What Does Your Asian-Language Tattoo Say?

I suspect I’m probably going to regret this, but I’ve got to ask. What is the (supposed) English translation of your Asian-language tattoo?

Why did you choose to encrypt your message in a foreign language, rather than use plain old English? And why did you choose Chinese or Japanese rather than, say, Danish?

How did you verify that the character you chose correctly represents the message you were trying to convey?


I don’t have a tattoo myself, but I’ve seen a guy with a tattoo of the Chinese character for “chicken”. Chicken is bad enough in English, but the word also happens to mean “prostitute” in Cantonese.

Clearly, this guy didn’t do a very good job in his research. :smack:

I’d also like to request that you show us a picture, too, so the more knowledgeable Dopers can tell you if you were scammed.

Obligatory link to Hanzi Smatter.


Not just in Cantonese but Mandarin, too! China Guy and I shared some posts about this elsewhere on the board.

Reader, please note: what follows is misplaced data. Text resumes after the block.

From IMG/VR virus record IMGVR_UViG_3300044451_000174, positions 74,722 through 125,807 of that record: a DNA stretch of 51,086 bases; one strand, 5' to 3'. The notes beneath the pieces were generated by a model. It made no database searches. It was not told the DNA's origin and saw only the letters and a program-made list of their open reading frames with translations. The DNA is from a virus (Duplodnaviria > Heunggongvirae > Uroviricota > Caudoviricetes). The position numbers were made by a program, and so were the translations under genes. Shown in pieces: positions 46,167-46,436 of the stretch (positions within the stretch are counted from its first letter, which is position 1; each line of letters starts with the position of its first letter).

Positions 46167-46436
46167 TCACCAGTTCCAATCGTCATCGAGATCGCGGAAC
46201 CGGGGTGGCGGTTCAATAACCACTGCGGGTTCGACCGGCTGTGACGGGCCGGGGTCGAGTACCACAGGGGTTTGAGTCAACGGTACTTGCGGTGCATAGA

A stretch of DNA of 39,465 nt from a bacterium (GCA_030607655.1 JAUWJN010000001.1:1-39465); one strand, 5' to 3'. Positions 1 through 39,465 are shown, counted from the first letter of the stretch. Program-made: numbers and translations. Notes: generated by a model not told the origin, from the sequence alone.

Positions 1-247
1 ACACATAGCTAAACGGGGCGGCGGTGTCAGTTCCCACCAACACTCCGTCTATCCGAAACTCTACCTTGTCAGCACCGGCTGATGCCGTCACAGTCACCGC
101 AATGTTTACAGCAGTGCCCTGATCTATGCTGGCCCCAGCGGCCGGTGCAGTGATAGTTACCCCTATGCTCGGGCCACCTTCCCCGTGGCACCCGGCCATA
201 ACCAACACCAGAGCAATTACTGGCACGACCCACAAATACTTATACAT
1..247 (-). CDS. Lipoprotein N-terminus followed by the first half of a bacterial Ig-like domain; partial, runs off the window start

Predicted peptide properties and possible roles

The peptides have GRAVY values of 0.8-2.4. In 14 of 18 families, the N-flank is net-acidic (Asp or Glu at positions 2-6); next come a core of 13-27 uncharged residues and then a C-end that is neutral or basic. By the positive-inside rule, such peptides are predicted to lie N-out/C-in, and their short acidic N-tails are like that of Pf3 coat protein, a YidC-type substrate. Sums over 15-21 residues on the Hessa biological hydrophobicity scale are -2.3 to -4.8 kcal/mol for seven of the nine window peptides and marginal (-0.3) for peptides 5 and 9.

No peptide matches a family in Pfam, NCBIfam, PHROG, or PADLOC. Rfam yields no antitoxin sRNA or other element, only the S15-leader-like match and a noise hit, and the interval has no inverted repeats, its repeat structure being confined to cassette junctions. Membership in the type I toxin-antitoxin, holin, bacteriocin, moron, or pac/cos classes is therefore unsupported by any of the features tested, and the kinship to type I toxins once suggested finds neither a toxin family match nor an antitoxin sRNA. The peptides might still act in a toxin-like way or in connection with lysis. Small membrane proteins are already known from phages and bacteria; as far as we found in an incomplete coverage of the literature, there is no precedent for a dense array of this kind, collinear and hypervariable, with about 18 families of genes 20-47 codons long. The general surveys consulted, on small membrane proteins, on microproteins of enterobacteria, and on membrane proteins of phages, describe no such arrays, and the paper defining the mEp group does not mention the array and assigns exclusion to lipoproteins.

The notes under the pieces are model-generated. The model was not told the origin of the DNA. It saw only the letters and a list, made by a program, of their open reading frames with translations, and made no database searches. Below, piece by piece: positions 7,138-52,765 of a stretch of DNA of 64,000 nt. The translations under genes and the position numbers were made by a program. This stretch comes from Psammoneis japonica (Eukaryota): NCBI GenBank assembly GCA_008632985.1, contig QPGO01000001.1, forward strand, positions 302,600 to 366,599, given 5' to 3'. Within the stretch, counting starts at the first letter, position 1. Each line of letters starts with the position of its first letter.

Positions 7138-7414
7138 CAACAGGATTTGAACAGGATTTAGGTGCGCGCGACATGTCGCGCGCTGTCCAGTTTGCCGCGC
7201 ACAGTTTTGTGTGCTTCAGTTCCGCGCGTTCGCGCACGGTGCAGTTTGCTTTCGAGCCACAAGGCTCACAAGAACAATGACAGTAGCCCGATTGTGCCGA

I was once going to get an old (ABC) girlfriend’s Chinese name tattooed. We all know how stupid that is, but I figured since it was in Chinese I could just tell people it meant “money” or something. At that point I thought I’d never have the chance to come to China (where I now live and have a family). Thank God for the tattoo artist who said to me, “Dude, you’re 18. She’s your first girlfriend. She’s going to move away to college next month. I don’t want to bum you out, but you two will probably break up and you’re going to regret that tattoo for the rest of your life.”

Tattoo guy, wherever you are, I owe you a beer.

I think the reason why people opt for Chinese or Japanese tattoos as opposed to Danish is probably because of the logographic factor. In addition to having a particular meaning, they also have a particular look to them. So even if nobody knows what it means they can still say, “whoa, that looks cool.” Other alphabets might not have that factor. Though it would be cool to see somebody with a tattoo in Hieroglyphics.

I will soon be getting one in Japanese, although for unusual reasons.

I am starting a full sleeve (sort of) soon and one of the frames will be the Deming/Shewhart PDSA cycle. anyone who has studied Deming will understand the Japanese connection.